Liberia have lots of products that speak volume about the strength, heritage and possession of our country, which goes far beyond the sudden outbreak and rapid spread of Ebola that have fatally claimed many innocent lives. The virus has never before been known to West Africa. Consequently, the world needs to know that Ebola is not holding Liberians hostage. We’ve got a fix on the virus and we are making progress with fewer cases and low infection rates evident by empty beds at Ebola Treatment Units (ETUs) due to remarkable policies and programs being implemented by our government and international partners.
Let the world know that the majority of Liberians are living a full and productive life. And that our country is filled of diversity, where over 4.4 million people live, work play and perform daily routines filled with pleasant, dynamic and vibrant lives chock-full with vivacious and exciting lifestyles. The world must be reminded that English is the official language of Liberia with US$1.9 billion in GDP and US$0.4 billion in debt. Liberians should also tell the world that our country is endowed with an abundance of natural resources, which includes diamonds, gold, iron ore, rubber, oil, gas and NOT Ebola. Liberia has the world’s largest plantation of planted natural rubber, responsible for over one third of all automobile tires manufactured in the world. Our Flag of Convenience, allows over one fourth of the world’s ocean bound maritime fleet to sail the seven oceans of the world with pride, security and peace.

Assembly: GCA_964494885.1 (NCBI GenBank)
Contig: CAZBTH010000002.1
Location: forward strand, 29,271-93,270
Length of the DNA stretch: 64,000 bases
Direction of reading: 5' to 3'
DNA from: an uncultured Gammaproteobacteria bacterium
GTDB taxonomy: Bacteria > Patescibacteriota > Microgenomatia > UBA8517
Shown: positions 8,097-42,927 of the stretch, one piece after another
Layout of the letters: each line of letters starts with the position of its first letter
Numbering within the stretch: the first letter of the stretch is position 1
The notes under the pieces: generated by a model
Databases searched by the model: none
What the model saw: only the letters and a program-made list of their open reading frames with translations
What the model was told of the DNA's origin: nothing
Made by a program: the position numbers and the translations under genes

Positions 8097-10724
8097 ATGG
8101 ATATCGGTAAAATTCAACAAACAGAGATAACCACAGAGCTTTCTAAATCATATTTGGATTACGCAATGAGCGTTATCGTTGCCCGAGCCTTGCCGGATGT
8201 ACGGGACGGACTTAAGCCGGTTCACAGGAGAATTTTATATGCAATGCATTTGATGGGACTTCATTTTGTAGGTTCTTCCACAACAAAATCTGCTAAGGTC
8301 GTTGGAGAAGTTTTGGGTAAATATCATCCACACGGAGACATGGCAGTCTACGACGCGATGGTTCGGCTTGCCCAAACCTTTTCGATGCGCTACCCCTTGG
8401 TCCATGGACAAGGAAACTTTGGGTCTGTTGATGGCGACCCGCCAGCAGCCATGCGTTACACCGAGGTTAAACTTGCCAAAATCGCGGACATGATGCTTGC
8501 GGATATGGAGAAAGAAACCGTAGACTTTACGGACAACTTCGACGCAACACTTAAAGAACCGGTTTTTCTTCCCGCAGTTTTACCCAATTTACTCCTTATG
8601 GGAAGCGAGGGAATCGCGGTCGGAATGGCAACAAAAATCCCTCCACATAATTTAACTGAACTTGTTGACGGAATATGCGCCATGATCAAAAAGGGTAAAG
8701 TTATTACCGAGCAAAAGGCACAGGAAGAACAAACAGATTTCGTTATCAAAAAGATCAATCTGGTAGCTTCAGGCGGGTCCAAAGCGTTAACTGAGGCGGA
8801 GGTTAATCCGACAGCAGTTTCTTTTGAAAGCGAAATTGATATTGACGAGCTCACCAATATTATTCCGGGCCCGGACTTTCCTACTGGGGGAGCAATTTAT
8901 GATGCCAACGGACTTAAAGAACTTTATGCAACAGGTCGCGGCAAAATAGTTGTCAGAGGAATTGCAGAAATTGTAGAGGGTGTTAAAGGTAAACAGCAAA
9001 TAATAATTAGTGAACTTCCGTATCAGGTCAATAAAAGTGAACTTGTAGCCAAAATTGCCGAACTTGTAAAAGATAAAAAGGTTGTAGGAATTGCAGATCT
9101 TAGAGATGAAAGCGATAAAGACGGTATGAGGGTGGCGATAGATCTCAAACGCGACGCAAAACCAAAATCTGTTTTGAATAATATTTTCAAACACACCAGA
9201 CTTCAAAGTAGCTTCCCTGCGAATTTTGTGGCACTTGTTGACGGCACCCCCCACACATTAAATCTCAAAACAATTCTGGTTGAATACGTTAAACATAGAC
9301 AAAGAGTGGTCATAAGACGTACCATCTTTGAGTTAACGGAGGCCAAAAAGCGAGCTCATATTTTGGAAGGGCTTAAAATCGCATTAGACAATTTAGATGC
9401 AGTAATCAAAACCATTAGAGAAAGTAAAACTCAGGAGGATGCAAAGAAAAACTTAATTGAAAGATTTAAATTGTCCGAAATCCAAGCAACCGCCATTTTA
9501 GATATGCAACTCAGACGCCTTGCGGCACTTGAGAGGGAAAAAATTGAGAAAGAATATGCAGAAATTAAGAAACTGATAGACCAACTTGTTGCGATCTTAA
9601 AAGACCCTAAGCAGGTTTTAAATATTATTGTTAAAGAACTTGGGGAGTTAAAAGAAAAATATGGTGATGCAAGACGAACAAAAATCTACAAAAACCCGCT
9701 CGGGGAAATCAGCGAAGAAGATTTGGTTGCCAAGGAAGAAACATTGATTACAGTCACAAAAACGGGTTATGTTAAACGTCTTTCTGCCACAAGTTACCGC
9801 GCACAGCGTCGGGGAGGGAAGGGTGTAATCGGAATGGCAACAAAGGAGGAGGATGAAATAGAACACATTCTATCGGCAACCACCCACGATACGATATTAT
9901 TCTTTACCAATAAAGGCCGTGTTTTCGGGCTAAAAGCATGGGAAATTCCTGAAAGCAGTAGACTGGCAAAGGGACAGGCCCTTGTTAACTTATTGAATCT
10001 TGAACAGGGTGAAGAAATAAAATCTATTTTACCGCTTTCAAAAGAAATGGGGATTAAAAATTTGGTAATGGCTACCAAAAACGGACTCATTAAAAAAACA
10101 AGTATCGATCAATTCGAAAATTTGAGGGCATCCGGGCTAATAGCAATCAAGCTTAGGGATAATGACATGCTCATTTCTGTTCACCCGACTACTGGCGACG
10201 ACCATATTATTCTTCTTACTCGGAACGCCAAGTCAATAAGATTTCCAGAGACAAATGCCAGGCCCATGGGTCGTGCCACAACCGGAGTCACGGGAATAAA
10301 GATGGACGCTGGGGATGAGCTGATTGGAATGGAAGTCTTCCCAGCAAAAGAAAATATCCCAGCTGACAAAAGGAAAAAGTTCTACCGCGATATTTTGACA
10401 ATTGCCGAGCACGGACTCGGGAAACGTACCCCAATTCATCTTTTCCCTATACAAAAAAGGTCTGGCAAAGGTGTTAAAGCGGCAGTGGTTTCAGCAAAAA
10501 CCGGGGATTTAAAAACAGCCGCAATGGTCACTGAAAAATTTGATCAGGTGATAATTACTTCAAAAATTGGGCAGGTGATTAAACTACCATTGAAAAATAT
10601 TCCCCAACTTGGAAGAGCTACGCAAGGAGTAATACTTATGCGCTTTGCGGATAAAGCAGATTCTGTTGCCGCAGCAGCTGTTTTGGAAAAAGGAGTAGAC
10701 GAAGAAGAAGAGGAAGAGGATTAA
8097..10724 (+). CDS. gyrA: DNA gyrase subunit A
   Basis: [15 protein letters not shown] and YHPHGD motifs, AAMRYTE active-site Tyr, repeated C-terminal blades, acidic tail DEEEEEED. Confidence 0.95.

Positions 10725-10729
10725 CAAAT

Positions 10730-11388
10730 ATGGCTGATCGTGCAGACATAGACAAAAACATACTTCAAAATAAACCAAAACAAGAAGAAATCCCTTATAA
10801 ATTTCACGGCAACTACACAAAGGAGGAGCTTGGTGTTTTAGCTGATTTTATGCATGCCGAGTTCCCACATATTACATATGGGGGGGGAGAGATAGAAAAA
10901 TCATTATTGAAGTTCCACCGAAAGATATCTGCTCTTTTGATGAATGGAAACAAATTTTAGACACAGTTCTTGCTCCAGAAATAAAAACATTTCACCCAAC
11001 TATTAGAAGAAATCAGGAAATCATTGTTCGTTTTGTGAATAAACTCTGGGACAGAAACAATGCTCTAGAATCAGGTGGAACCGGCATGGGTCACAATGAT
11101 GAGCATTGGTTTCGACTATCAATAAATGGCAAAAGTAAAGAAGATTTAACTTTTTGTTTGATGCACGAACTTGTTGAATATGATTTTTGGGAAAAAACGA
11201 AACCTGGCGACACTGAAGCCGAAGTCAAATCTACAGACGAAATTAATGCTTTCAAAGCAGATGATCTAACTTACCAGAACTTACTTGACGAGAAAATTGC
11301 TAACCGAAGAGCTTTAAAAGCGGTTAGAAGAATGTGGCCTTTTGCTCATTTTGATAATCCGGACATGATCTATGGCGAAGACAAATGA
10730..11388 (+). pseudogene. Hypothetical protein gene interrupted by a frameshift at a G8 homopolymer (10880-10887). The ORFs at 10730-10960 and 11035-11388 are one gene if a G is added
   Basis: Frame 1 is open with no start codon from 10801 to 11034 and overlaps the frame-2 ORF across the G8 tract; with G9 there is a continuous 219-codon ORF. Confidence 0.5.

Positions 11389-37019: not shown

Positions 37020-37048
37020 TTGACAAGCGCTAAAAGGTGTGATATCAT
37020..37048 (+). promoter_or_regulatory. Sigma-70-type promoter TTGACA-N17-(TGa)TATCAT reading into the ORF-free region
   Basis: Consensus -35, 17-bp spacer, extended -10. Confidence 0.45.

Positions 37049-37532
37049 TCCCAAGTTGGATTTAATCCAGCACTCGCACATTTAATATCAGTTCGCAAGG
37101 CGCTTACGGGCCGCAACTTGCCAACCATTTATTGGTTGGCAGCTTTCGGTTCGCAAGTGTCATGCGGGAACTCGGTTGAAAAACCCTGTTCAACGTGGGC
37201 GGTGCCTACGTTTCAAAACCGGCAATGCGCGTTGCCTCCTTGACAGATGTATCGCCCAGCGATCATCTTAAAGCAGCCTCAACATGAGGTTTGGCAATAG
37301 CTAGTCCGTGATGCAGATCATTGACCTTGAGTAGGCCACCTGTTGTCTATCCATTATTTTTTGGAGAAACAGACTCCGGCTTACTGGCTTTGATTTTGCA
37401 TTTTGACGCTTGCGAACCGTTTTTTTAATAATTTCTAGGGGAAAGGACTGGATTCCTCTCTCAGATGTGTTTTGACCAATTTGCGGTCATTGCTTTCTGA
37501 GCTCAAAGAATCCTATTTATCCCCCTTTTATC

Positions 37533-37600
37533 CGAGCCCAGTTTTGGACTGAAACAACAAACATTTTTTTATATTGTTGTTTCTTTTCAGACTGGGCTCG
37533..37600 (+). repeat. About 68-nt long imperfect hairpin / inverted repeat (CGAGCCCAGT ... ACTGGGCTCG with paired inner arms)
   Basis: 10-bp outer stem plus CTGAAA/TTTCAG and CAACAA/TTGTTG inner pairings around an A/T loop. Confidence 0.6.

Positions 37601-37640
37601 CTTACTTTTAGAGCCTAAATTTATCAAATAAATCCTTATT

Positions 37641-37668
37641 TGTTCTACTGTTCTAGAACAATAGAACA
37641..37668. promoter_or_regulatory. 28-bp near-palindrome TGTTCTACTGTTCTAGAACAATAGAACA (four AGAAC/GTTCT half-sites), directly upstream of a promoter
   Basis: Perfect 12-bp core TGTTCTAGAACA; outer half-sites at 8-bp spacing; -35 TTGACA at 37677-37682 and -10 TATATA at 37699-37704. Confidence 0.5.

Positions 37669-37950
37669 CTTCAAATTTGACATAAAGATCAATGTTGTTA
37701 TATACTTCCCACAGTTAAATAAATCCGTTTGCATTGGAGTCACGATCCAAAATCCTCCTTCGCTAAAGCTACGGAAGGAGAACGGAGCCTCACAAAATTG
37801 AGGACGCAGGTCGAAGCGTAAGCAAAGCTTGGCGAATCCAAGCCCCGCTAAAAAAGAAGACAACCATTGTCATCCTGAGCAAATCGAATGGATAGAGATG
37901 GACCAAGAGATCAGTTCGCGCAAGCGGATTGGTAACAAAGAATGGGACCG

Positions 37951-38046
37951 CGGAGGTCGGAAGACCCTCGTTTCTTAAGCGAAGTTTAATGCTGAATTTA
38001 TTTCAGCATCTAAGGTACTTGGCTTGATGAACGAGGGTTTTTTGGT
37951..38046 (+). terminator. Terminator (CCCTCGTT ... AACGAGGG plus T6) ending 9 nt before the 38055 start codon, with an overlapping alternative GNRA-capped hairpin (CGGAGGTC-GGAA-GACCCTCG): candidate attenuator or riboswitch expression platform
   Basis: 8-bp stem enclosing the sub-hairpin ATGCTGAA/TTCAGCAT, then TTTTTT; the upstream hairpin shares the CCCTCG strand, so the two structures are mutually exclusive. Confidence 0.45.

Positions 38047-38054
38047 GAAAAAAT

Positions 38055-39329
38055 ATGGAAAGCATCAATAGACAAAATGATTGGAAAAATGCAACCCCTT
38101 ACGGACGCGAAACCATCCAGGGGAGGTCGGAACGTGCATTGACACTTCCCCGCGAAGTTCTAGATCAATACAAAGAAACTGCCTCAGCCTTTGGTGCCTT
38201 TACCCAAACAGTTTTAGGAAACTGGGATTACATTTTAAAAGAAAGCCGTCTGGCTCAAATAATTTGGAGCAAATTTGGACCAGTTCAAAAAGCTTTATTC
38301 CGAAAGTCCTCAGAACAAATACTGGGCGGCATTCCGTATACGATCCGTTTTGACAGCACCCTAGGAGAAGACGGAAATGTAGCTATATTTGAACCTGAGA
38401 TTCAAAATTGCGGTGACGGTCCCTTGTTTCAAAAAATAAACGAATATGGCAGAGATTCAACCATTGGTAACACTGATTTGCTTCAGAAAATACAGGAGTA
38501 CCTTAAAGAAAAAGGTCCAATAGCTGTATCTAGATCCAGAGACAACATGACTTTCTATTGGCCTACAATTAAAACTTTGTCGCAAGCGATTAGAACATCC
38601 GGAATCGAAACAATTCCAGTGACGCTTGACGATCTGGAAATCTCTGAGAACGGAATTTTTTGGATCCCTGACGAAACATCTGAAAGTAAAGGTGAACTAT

Liberian can pompously proclaim to the world that we are a resilient people. Nothing can stop us from thriving after Ebola. The virus is a short-term challenge, but in the long-term Liberia will rise again and always be an attractive place to live, work, play and do business. Liberia is a small country, but in this case, small is good because it can easily be managed and governed with requisite democratic principles aligned with the formulation of required economic and social policies to deal effectively with ignorance, disease and poverty; hence Ebola.
In order to change the negative global perception of Liberia and the outbreak of Ebola, we need to dispel the common myths that exist by building a superior education and healthcare delivery system. We must also do this by building affordable public housing and instituting community-based investment programs that are strengthen adequate resources to prepare ordinary Liberians for future challenges. This author believes that our core values must shape our country because those ideals have longevity, and must engage citizens and national organizations at home while winning recognition and respect abroad. Those values inevitably transcend our growing democracy, election cycles and special interests by capturing the core of our country and people and what we offer the world.
The main challenge to rebranding Liberia and bringing this global misconception to an immediate end is overcoming the stigma that Liberia is consumed by Ebola and anyone coming in contact with Liberians or anyone visiting Liberia foretells instant death. This global misconception can be solved by bringing a considerably higher volume of adjusted messages to target audiences in order to change hearts and minds. We need to break down audiences, get them to know us better, send the right message to them, and then get them to visit Liberia to show just how spectacular Liberia still is. At the end of the day, we want people to say, ‘Wow! I didn’t know this about Liberia.’ Liberians everywhere, have a moral obligation and responsibility to educate the world about Ebola and how it can be controlled and eradicated. The main challenge is to encourage people to visit Liberia and share benefits of what Liberia offers the world in order to tear down all the walls of misconception about Liberia and the Ebola virus.
About the Author
Francis Nyepon: Author, Policy Analyst, Environmentalist & Entrepreneur